I have been trying to calculate the massless scalar field propagator in position space by directly Fourier transforming the momentum space propagator. $$\int{d^2p\frac{1}{(p^0)^2-(p^1)^2}e^{-i(p^0t-p^1x)}}$$

Upon referring to multiple sources (linked below), I realize that the answer is actually proportional to $ln|x|$ but I don't see how this integral will result in that answer. All of these sources obtain that answer by finding the massive propagator and then taking the $m\rightarrow 0$ limit. I don't see what I am missing by directly doing doing the above integral.

To see how the above integral does not give $ln|x|$:

Evaluate the $dp^0$ integral using the Feynman prescription for avoiding the poles and this will give: $$\int\frac{i}{2\pi p^1}e^{-ip^1 (t-x)}dp^1$$This integral is actually a constant multipled by a step function.

I also head into a similar problem in the (1+3)-D case where a direct Fourier transform gives a different answer from the known propagator and from the answer got by taking the limit on the massive case. So, what am I missing by directly Fourier transforming the propagator from momentum space?


  • $\begingroup$ Just Wick-rotate the integral and then observe that $d^2p=pdpd\theta$. $\endgroup$
    – Jon
    Commented Jul 8, 2019 at 15:13

2 Answers 2


The idea for this kind of computation is the following. Firstly, add a mass term to the propagator. This will yield $$ \int \frac{d^2p}{(2\pi)^2}\frac{1}{p^2-m^2}e^{ip\cdot x}. $$ This integral can be evaluated provided we make the rotation $p_0\rightarrow ip_0$ that yields $$ i\int \frac{d^2p}{(2\pi)^2}\frac{1}{p^2+m^2}e^{ip\cdot x}. $$ Now, one us $d^2p=pdpd\theta$ and $p\cdot x = pr\cos\theta$ and one has to evaluate the integral $$ \frac{1}{4\pi^2}\int_0^\infty dp\int_0^{2\pi}d\theta\frac{p}{p^2+m^2}e^{ipr\cos\theta}. $$ Firtstly, we integrate on $\theta$. This can be done remembering that $$ e^{ia\cos\theta}=\sum_{n=0}^\infty i^nJ_n(a)e^{in\theta} $$ being $J_n$ the Bessel functions of the first kind of integer order. Integration in $\theta$ leaves just $J_0$ and so, our integral becomes $$ -\frac{1}{4\pi^2i}\int_0^\infty dp\frac{p}{p^2+m^2}J_0(pr). $$ This integral can be evaluated with techniques in complex integration, with a proper choice of the integration path, yielding $$ G(r)=-\frac{1}{2\pi}K_0(mr) $$ being $K_0$ the modified Bessel function of 0 order. This is the point where the references you cite bring you. The next step is to note that, for $m\rightarrow 0$, the massless limit, $$ K_0(mr)\sim -\ln r $$ and you are done. Note the presence of an infinite constant, $\ln m$, that is generally omitted taking the massless limit. The reason is that, in the massless limit, one can always add an arbitrary constant to the propagator.

  • $\begingroup$ Is there a way to get the same answer without adding the mass term? $\endgroup$
    – adithya
    Commented Jul 18, 2019 at 8:00
  • 2
    $\begingroup$ That is an interesting question. I guess so but note that, without the mass term, after integrating on the angle you are left with a divergent integral. This is reflected by the infinite constant $\ln m$ that one gets with the mass term. $\endgroup$
    – Jon
    Commented Jul 18, 2019 at 11:25

There is already an accepted answer, but the OP is asking whether one can get the same answer without adding a mass term, so let me show how this is done.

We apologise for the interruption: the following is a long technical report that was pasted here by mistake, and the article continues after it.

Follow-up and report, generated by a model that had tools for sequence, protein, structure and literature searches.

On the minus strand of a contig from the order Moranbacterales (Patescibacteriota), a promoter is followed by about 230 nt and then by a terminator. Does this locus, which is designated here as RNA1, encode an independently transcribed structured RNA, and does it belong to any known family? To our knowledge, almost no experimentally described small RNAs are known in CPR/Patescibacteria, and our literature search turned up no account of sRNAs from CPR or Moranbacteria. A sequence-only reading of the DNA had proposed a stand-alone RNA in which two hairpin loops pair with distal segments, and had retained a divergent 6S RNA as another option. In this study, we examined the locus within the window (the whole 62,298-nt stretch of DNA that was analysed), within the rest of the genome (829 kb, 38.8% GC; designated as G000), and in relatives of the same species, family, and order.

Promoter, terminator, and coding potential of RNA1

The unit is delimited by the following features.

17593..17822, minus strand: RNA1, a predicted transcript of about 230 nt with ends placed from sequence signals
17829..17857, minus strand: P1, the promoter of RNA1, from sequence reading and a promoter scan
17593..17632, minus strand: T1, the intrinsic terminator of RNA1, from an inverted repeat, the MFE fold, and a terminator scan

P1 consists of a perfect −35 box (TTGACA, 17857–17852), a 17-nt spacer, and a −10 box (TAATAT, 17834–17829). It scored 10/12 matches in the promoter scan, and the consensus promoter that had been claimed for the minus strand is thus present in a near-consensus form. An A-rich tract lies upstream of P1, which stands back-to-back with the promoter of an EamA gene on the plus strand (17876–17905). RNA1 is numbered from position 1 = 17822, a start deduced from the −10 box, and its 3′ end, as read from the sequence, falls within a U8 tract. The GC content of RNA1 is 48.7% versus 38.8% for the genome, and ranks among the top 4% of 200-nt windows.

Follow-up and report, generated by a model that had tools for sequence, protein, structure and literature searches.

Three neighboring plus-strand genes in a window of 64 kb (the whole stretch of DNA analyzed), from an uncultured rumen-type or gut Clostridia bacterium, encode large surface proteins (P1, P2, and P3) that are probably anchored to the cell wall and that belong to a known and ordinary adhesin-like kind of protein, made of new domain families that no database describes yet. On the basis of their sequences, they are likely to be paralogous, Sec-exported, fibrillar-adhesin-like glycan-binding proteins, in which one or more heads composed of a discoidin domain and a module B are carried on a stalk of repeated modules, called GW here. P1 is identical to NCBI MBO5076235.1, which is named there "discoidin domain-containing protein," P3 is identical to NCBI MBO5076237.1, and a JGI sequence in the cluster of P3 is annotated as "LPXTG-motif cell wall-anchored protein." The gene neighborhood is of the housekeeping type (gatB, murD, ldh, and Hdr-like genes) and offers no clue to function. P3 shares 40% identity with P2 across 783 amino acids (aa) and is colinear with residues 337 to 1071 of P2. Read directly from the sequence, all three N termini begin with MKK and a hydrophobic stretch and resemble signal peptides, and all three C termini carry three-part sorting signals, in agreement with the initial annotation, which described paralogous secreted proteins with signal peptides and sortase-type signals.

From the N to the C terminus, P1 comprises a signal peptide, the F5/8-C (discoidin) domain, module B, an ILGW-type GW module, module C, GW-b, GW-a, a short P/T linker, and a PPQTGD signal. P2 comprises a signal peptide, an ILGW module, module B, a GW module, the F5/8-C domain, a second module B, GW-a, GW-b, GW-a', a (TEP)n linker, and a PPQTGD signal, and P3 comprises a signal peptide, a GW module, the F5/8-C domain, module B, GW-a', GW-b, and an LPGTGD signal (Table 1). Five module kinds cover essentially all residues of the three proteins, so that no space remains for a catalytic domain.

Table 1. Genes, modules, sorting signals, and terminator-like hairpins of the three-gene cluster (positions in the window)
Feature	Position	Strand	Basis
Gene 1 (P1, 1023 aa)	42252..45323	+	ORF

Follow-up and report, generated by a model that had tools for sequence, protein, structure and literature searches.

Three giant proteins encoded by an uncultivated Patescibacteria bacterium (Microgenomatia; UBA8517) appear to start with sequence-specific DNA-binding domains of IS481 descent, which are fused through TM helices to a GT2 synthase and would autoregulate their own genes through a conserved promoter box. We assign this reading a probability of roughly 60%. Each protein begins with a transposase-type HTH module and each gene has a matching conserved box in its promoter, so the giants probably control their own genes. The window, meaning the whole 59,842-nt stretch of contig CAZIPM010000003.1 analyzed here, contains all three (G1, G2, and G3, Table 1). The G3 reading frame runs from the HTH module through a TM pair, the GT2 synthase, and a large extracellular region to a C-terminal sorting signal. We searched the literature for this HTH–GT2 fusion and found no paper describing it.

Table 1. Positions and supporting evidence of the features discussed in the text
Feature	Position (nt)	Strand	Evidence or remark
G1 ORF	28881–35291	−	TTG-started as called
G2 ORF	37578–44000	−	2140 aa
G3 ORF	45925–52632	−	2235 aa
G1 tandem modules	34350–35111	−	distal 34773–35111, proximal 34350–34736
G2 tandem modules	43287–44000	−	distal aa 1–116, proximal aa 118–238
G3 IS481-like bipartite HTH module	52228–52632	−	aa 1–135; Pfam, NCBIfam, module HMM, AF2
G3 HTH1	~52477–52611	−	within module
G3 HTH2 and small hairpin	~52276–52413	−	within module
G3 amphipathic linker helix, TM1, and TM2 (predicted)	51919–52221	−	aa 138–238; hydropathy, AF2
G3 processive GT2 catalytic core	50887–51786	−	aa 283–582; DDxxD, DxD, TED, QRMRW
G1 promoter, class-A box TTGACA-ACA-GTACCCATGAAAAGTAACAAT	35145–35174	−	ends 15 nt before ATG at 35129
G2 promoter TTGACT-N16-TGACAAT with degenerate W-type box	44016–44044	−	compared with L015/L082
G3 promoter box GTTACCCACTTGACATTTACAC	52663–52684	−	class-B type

An alternative to using mass regularization is to use regularization in the scaling dimension. Let us assume for a minute that we are not dealing with a free field, but with an interacting field in a conformal field theory. Then the 2-point function would be $$\int d^2p \left[ (p^0)^2 - (p^1)^2 + i \epsilon \right]^{\Delta - 1} e^{-i (p^0 t - p^1 x)}$$ where $\Delta$ is the scaling dimension of the interacting field. The free field theory limit is $\Delta \to 0$. The only subtlety here is that we need to define what it means to take a non-integer power of a quantity that can be negative. This is why I have added an $i \epsilon$ prescription in the propagator. This was implicit before, but somehow it was already needed to specify how to deal with the singular points where $(p^0)^2 = (p^1)^2$.

Now we can apply the same the steps as in the other answer by Jon:

  1. Wick rotation $p^0 \to i p^0$ (with $t \to i t$ as well): $$i \int d^2p \left[ -(p^0)^2 - (p^1)^2 + i \epsilon \right]^{\Delta - 1} e^{i (p^0 t + p^1 x)}$$ The $i \epsilon$ prescription tells us that this is equal to $$i e^{i \pi (\Delta - 1)} \int d^2p \left[ (p^0)^2 + (p^1)^2 \right]^{\Delta - 1} e^{i (p^0 t + p^1 x)}$$
  2. Spherical coordinates: $$ i e^{i \pi (\Delta - 1)} \int_0^\infty dp \int_0^{2\pi} d\theta p^{2\Delta - 1} e^{i p r \cos\theta}$$
  3. Integral over $\theta$: $$ i e^{i \pi (\Delta - 1)} \int_0^\infty dp ~ p^{2\Delta - 1} J^0(p r)$$
  4. Integral over $p$: first rescale $p \to p/r$ to get $$ i e^{i \pi (\Delta - 1)} r^{-2 \Delta} \int_0^\infty dp ~ p^{2\Delta - 1} J^0(p)$$ When $\Delta$ is positive but small enough this is a convergent integral that gives $$ i e^{i \pi (\Delta - 1)} r^{-2 \Delta} \frac{2^{2\Delta - 1} \Gamma(\Delta)}{\Gamma(\Delta - 1)}$$

The result is divergent in the limit $\Delta \to 0$: the $\Gamma$ function has a pole there. But if we expand in powers of $\Delta$, we get $$i \left[ -\frac{1}{2\Delta} + \log(r) + \ldots \right]$$ This is exactly the same result as with a massive field: an infinite constant, plus the log term (the constant can be absorbed in the definition of what is the "physical" scale).


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